A year later, a special meeting of unit-owners was called to remove Keeling from the board. (Interestingly, it seems that those supporting Keeling were not given notice.) Prior to that special meeting, Salvo stated to the unit-owners in writing that Keeling had not paid her common charges for a number of years, and she repeated the statement at the meeting. Salvo further stated that Keeling refused to turn over the condo’s books and records.


Though these statements might seem actionable as defamation, Salvo claimed the “common interest” privilege. It has long been held that this privilege applies in situations involving co-ops and condos, which is why most defamation actions dealing with heated co-ops or condo matters rarely succeed.

However, there is an exception to this exception (isn’t there always?!). The common-interest privilege is qualified, and it cannot be used if there was malice in making the statement. Malice is usually proven if there was a high degree of awareness of the fact that the statements were false. Interestingly, courts have held that there is a critical difference between not knowing whether something is true and being highly aware that it is probably false. Only the latter will establish reckless disregard of the truth, which in turn would establish malice.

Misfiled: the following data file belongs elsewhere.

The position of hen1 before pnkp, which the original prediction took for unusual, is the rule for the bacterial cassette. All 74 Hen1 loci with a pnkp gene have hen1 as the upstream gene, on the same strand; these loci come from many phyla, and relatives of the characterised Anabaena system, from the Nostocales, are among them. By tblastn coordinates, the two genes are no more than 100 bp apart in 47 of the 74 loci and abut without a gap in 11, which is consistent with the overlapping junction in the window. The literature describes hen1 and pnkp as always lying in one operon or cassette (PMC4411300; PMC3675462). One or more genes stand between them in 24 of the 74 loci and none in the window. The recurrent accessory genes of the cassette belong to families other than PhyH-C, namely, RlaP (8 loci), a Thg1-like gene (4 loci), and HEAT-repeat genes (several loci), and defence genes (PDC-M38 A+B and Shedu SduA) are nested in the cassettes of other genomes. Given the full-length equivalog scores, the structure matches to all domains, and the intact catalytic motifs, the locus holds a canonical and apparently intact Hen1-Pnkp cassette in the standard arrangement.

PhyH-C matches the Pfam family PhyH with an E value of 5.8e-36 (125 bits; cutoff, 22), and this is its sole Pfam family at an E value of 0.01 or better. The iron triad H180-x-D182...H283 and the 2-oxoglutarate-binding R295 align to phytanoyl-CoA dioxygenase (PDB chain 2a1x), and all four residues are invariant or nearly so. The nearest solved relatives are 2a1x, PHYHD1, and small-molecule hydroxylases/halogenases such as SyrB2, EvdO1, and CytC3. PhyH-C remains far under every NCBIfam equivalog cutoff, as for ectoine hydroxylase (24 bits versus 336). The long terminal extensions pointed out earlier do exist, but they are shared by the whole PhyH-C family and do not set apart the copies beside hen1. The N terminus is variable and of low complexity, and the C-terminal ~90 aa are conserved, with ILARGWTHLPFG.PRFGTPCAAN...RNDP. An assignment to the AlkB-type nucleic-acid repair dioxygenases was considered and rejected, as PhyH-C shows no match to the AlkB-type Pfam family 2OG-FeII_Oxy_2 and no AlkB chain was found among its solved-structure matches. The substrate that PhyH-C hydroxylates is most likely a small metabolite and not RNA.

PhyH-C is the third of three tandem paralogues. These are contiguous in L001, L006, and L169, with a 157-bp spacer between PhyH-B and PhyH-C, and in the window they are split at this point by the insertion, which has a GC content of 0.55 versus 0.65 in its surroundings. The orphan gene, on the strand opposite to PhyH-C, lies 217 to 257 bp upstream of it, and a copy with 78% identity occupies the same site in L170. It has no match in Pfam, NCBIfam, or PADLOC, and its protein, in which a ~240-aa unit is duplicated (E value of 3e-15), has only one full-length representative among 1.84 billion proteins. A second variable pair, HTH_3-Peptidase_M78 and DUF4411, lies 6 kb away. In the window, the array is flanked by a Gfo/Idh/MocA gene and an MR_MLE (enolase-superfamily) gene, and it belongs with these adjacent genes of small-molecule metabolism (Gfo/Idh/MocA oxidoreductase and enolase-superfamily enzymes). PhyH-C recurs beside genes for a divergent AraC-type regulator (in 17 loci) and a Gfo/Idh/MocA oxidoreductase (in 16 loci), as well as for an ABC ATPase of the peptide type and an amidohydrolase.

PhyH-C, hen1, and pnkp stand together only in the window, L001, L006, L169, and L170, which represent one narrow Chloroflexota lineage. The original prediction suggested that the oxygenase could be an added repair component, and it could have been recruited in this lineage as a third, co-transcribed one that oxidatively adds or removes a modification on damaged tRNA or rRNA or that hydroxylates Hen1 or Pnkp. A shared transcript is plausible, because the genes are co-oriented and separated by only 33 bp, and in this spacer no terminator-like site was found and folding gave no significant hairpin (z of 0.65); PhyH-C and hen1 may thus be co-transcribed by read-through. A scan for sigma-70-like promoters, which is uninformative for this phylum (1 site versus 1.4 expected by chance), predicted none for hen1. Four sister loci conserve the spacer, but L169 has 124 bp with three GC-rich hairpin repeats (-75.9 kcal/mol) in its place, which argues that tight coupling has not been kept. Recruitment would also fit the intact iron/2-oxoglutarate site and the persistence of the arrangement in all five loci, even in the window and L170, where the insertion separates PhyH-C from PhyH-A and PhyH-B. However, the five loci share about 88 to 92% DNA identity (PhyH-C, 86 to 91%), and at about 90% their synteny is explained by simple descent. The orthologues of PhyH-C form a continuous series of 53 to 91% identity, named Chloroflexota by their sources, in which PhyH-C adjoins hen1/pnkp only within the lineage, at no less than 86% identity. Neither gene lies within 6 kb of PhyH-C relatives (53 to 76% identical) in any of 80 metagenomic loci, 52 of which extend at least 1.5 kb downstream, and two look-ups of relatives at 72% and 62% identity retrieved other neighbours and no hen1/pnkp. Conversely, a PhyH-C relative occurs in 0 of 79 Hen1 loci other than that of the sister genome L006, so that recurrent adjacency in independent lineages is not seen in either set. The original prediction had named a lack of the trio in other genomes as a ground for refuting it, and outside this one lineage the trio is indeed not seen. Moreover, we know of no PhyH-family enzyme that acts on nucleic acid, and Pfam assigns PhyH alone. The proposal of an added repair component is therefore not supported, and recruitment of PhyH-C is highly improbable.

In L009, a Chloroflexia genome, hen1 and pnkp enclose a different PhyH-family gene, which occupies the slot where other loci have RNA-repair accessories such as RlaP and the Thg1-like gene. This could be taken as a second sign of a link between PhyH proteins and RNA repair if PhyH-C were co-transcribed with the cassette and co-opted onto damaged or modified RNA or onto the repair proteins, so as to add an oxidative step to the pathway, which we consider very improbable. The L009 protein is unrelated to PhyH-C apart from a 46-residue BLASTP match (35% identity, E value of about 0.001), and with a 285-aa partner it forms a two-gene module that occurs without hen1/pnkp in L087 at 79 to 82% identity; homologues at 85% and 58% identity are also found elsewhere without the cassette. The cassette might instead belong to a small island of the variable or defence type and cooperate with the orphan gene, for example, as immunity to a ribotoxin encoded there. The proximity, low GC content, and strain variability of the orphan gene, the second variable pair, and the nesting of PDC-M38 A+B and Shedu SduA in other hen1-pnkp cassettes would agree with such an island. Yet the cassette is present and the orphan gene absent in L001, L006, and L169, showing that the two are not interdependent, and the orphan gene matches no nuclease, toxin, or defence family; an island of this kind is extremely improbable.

The court found that Keeling proved that not only had she produced the condo’s books and records, but that she had responded to Salvo’s questions. In fact, Salvo even concluded in writing that the documents showed no irregularities and that the condo owed Keeling money. Yet Salvo continued to make such statements. All of this, according to the court, showed that Salvo had made her statement with enough recklessness to show malice.